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Loyola Medicine’s Cardinal Bernardin Cancer Center

Researchers at Loyola Medicine’s Cardinal Bernardin Cancer Center focus on developing innovative treatments, discovering underlying causes of cancer, and training the next generation of physicians and scientists.

An expanding research ecosystem on Loyola’s Health Sciences Campus, the Cancer Center’s team of physician-scientists and researchers seeks to identify strategies to prevent, diagnose, and treat a range of cancers. Our goal: translate discovery into clinical practice to improve patient outcomes and ultimately, transform lives.

Our multidisciplinary, collaborative approach applies the best thinking from research bench to bedside, and beyond.  For example, Loyola scientists have studied the role of the immune system in fighting cancer.  We were the first in Chicago to engineer CAR-T cells from an individual’s T cells.  This “living drug,” produced in a state-of-the-art, onsite lab (which can reduce treatment costs), is a potentially curative treatment for leukemia and lymphoma.


The Cancer Center’s robust clinical trials program manages an average of nearly 300 clinical trials annually. These trials are important paths to discovery of new treatments.

Training the Next Generation

Our physician-scientists and researchers are committed to training the next generation through graduate and medical student education. Students from Loyola University Chicago’s Biomedical Sciences programs and Stritch School of Medicine work alongside the Cardinal Bernardin Cancer Center’s nationally recognized cadre of scientists and physicians, many who are influential in their particular fields for their ground-breaking research. Stritch faculty members encourage their students to push the boundaries of science in their quest for cures, treatments, and greater understanding of how cancer cells work.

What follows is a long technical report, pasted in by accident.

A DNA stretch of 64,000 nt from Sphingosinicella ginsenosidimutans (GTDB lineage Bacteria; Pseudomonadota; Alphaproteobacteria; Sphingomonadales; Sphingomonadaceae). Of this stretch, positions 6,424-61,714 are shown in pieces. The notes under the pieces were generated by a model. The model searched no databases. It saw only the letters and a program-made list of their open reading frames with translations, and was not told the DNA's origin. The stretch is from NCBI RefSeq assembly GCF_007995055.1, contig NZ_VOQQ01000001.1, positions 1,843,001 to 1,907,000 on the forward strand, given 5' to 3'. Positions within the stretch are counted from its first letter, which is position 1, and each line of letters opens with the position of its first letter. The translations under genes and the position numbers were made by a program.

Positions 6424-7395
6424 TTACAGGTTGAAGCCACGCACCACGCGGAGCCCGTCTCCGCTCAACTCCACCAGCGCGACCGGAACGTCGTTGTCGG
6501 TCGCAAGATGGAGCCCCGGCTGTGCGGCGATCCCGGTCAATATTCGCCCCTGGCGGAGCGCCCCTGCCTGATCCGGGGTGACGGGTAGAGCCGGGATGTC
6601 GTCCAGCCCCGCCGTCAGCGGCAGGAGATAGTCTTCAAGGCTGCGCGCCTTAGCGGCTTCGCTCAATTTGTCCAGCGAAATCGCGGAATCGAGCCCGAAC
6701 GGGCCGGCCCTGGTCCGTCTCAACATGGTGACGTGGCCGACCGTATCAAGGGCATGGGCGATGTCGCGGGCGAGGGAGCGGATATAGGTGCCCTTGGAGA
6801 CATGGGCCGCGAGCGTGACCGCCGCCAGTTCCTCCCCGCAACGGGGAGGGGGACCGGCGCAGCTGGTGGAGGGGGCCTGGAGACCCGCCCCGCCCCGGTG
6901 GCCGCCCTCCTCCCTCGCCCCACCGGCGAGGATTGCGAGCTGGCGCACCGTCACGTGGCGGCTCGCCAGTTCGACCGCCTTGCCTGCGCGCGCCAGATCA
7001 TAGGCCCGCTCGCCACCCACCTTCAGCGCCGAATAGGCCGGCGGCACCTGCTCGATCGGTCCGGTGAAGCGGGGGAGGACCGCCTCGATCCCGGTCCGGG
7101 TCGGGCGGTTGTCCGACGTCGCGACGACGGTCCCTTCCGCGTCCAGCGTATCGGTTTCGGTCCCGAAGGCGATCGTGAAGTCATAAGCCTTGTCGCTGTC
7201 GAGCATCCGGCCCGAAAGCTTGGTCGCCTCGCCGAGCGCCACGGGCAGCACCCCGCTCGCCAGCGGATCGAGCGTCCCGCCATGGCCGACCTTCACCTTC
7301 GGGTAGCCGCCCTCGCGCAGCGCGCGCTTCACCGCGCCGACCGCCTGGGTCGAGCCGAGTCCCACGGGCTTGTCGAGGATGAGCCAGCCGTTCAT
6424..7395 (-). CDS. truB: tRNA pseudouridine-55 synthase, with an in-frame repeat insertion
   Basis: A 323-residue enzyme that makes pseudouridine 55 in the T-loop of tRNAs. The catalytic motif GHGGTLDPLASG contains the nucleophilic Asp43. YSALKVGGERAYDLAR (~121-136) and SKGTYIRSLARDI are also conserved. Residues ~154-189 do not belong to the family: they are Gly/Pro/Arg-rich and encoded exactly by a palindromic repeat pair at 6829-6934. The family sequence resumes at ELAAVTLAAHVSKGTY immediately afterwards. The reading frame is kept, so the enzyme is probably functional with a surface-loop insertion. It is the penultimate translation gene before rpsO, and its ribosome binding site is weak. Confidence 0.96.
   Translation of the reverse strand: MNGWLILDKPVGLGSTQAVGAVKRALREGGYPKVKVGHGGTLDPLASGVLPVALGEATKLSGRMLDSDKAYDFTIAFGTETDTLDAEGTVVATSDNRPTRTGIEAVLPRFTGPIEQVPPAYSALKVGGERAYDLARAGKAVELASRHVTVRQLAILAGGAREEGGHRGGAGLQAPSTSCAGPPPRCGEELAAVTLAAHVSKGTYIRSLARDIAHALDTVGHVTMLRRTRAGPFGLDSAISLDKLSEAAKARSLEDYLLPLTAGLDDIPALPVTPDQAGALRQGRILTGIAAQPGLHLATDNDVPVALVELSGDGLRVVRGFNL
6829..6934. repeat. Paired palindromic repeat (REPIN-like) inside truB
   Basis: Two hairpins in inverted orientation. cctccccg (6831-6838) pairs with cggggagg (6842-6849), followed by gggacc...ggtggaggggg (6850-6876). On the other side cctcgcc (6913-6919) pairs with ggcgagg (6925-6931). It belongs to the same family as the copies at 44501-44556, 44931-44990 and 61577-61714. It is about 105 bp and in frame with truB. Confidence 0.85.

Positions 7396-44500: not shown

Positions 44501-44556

Among Stritch’s signature research programs is STAR (Student Training in Approaches to Research), an eight-week research education program where medical students are fully engaged in research and guided by a research mentor. At the undergraduate level, the Summer Oncology Research Internship is a highly competitive program for Loyola students who work side by side with Cancer Center scientists for 10 weeks, learning laboratory techniques and the science behind each of their projects. Stritch Biomedical Sciences graduates, fellows, and residents are well positioned to pursue careers in academia, research, health care, and industry.

For more information about Loyola Medicine’s Cardinal Bernardin Cancer Center or Stritch School of Medicine, visit luc.edu.


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